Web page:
Calton would formulate various arguments (that are actually easy to refute) for the existence of God.

    Has matter/energy always existed?

    The point I think mikeycypress is trying to make is, I think, a valid one, though black holes are not the best example. His point seems to be that if we observe some phenomenon P which is observable, then hypothesizing some non-empirical explanation E such that E = /> P is not necessarily a flawed way of thinking. The basic constraints that should be placed on E are, of course, that 1) E does in fact explain P, and 2) if there is an E' such that E' = /> P also, then we choose between E and E' based on which makes the fewest non-trivial assumptions.

    And while black holes are not a good example, science is in fact littered with examples of this type of reasoning. Perhaps the best example is the entire edifice of quantum mechanics. For example, in the double slit experiment (read the wiki article if you're not familiar) P = "the diffraction pattern on the screen". Science hypothesizes E = "the electron goes through both slits". While P can be directly observed, E is fundamentally un-empirical, unobservable, etc. In fact, there neither is nor can be any empirical proof whatsoever of E. Many E' explanations have been suggested, but they either ultimately fail to satisfy E' = /> P, or they require a greater number of hypotheses. And this particular E is a special case of the general principle of quantum superposition which is the fundamental premise of quantum mechanics, which is arguably the fundamental premise of all of modern science. The Lie Group Gauge Manifolds that underly the Standard Model of Particle Physics are another set of examples. There neither is nor can be anything that resembles empirical evidence of these things, but we assume that they exist in a very real sense. General Relativity and string theory also have examples of this type of reasoning.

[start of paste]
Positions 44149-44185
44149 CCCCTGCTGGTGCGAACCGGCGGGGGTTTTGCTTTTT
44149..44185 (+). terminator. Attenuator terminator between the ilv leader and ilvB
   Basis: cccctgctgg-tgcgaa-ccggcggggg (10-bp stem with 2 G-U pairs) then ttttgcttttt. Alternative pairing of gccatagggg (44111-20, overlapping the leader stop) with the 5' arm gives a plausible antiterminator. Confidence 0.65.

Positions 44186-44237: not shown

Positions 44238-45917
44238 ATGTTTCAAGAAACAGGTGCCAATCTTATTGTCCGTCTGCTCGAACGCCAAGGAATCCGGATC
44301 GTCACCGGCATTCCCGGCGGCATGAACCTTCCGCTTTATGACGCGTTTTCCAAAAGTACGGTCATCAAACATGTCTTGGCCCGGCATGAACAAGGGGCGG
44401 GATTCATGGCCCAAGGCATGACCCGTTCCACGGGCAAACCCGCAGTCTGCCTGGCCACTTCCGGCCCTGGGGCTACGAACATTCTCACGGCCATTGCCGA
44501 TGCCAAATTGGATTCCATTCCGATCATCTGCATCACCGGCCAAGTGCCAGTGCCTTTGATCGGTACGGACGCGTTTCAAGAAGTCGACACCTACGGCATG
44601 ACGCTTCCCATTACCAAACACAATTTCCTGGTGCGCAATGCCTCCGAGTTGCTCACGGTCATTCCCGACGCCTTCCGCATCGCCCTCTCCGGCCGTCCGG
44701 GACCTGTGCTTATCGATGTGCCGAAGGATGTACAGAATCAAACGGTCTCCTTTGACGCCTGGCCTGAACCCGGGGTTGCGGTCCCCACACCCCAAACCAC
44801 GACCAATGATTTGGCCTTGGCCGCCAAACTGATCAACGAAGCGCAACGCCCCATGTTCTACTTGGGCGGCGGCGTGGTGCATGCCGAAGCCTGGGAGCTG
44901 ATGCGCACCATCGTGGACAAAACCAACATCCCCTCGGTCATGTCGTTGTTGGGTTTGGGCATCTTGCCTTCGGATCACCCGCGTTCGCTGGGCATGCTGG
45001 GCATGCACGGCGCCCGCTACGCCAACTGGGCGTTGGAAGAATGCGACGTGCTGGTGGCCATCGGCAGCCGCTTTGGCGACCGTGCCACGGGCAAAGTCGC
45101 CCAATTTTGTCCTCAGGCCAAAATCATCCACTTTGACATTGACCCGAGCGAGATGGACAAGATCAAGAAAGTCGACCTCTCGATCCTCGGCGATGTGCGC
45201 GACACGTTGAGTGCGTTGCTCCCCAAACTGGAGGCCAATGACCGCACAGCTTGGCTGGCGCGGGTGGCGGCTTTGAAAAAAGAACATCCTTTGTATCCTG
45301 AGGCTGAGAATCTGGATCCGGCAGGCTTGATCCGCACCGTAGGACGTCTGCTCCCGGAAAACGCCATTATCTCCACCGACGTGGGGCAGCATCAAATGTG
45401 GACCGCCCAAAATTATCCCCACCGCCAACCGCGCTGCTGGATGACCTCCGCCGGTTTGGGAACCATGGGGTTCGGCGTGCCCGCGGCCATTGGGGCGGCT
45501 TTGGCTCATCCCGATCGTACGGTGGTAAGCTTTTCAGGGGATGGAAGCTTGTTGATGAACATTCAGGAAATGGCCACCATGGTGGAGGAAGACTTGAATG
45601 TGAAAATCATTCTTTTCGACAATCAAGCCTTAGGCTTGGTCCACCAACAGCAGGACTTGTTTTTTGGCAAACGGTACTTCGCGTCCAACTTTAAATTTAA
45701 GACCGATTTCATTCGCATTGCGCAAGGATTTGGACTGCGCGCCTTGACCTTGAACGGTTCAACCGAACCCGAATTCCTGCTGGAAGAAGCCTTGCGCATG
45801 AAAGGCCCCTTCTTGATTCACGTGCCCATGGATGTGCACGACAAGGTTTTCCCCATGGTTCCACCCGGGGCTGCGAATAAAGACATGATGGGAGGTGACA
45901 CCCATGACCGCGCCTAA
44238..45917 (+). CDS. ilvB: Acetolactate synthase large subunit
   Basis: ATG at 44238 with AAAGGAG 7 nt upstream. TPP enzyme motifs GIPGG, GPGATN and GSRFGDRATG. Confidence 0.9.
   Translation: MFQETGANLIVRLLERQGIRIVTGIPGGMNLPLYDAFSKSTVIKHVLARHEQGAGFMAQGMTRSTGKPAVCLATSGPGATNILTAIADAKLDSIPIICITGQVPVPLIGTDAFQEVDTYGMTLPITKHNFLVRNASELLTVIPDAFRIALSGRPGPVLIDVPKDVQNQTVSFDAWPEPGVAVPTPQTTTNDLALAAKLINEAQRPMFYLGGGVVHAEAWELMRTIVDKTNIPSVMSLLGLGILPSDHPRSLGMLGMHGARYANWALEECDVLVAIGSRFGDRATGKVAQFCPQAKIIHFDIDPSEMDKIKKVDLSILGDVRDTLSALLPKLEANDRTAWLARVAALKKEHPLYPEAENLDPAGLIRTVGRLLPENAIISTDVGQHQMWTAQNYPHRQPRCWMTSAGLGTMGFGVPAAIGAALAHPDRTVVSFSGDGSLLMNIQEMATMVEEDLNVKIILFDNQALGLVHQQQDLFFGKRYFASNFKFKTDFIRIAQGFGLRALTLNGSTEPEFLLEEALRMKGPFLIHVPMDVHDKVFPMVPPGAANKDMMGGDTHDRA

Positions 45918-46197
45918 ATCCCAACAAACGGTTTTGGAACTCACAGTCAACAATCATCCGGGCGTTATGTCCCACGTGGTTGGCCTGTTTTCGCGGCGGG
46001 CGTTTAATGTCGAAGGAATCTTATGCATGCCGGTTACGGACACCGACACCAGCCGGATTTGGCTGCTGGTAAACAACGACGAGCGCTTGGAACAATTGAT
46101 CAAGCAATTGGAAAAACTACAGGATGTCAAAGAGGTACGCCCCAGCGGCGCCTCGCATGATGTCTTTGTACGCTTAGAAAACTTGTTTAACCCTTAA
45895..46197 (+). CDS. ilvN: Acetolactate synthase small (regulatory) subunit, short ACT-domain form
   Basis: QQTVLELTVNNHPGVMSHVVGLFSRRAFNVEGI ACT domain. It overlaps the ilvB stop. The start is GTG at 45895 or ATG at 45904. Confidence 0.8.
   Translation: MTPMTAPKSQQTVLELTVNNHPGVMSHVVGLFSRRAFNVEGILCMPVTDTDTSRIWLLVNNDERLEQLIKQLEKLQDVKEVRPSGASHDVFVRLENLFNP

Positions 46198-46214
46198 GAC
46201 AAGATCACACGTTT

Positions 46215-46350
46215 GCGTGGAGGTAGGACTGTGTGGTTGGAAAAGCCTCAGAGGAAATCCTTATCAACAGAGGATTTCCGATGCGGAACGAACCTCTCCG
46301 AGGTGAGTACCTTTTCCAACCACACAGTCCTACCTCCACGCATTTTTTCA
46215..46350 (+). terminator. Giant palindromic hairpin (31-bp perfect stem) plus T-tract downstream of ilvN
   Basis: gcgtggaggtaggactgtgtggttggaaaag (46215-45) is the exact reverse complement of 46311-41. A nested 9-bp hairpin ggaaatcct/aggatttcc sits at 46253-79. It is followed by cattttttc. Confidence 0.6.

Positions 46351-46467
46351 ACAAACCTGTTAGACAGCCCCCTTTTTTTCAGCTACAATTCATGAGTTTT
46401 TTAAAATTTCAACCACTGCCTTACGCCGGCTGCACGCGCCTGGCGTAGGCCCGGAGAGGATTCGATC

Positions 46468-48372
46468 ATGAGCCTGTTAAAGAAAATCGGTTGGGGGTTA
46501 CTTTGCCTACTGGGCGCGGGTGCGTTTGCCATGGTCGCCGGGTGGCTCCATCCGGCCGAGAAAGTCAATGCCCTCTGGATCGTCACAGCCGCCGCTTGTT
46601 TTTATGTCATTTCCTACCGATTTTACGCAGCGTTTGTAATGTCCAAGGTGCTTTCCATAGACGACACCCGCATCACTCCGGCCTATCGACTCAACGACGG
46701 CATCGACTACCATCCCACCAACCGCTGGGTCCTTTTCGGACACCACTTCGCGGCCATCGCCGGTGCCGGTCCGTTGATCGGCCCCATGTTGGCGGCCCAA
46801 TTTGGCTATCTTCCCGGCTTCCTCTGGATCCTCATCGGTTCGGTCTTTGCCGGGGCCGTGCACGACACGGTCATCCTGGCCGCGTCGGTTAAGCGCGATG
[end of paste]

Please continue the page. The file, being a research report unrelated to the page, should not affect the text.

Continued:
So it is not valid for the naturalist to claim that this type of reasoning is invalid. It is very, very true that we assume the existence of things we cannot observe in order to make sense of the things that we can. And nearly any argument that the naturalist can level against theism can be used against these scientific ideas as well.